The BBC is indeed a beacon that shines brightly around the world, reflecting British values and doing great credit to us as a nation. I pay tribute to the noble Lord for the work that he did at the corporation. However, since he left, we have seen the number of people paying the licence fee falling. It has fallen by 1.7 million people over the last five years. Therefore, as well as ensuring that there is a fair settlement that gives the BBC the money that it needs and is fair to the people who pay the licence fee, we are looking at the funding model to ensure that the BBC is able to continue to get the income and to shine brightly as a beacon in an increasingly competitive media landscape.

As the noble Lord, Lord Dubs, has implied, the biggest threat to the BBC’s news and current affairs is from this Government. After the level of cuts that we have already heard about and last year’s two-year freeze on the licence fee, the Government did at least promise an inflationary increase in the licence fee for this year. Will the Minister now acknowledge that the Government have also broken that promise by giving an inflationary rise that is much lower than was anticipated, saving British households the equivalent of one egg per month while causing the BBC to have to have a further £90 million in cuts? How does that ensure that the BBC will continue to be the most trusted international provider of news across the world?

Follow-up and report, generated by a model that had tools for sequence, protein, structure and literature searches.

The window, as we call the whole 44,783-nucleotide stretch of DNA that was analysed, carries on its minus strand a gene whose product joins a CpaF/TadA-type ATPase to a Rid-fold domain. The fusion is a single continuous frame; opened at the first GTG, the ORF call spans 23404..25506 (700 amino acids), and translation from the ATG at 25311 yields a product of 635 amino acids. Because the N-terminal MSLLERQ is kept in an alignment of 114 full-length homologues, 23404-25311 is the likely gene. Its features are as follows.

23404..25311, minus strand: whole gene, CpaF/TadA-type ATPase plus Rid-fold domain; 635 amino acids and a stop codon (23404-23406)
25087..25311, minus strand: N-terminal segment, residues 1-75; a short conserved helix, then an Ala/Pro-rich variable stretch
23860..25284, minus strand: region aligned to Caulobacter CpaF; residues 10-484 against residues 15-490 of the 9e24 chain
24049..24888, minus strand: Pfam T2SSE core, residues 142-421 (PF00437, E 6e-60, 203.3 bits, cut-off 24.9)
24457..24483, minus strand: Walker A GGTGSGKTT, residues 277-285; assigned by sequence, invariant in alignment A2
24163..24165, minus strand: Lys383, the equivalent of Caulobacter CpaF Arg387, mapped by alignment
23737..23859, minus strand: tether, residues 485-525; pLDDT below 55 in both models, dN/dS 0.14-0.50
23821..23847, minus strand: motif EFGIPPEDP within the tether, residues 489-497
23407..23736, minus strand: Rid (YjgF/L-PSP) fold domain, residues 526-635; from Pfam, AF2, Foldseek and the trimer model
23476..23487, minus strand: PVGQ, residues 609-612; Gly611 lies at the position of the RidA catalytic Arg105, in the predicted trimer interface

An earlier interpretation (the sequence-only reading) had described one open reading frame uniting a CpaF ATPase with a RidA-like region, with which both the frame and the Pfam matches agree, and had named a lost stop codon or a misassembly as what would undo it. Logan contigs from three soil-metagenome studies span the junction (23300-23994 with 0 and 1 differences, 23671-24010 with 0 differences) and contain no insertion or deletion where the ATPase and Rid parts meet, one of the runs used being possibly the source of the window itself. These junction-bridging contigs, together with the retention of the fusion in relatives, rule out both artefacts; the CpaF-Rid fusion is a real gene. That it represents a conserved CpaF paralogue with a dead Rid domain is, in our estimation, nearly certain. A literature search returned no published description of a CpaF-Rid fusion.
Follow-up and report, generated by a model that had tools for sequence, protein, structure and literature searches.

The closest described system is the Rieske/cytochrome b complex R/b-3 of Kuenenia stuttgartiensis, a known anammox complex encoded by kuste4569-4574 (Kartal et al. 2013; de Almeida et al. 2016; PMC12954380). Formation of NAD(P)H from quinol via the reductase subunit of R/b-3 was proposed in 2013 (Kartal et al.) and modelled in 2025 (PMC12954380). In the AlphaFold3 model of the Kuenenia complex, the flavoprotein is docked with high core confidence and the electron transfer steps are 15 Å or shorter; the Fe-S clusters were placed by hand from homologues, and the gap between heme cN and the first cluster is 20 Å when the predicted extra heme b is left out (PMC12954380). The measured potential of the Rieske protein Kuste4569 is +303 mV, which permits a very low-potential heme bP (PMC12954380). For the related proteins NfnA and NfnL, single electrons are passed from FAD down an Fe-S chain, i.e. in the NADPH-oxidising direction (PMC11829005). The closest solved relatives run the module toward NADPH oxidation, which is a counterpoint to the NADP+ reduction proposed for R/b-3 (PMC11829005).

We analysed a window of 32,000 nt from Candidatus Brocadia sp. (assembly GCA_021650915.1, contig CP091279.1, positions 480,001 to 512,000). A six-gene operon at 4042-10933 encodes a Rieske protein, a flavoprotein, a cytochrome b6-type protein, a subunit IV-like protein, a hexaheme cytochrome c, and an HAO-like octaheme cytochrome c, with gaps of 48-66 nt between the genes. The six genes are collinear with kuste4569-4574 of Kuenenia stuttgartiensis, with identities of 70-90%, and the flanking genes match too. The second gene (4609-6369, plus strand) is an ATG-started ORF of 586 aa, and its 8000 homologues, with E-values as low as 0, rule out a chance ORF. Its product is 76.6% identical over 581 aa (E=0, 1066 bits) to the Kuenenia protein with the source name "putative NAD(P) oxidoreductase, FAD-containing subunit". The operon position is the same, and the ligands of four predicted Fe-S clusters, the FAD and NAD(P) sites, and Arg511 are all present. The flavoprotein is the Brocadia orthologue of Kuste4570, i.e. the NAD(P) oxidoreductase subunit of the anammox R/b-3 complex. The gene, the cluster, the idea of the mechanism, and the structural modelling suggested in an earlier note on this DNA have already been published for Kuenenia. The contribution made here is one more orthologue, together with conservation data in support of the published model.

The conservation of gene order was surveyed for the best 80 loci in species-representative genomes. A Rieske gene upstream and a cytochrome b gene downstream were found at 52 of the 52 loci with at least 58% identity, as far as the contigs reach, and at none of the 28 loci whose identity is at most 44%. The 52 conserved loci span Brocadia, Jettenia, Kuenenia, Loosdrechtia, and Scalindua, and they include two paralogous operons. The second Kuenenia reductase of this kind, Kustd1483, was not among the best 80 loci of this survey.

The increase has been calculated based on the annual rate of CPI inflation in September. That is the same measure that we use for the increases to the pension and to those in receipt of benefits. It ensures that the BBC can get income from the licence fee while being fair to those who pay it at a time when household budgets are also hard pressed. That money delivers the BBC more than £3.8 billion per year. It is for the BBC to decide how it carries out its obligations as set out in the royal charter.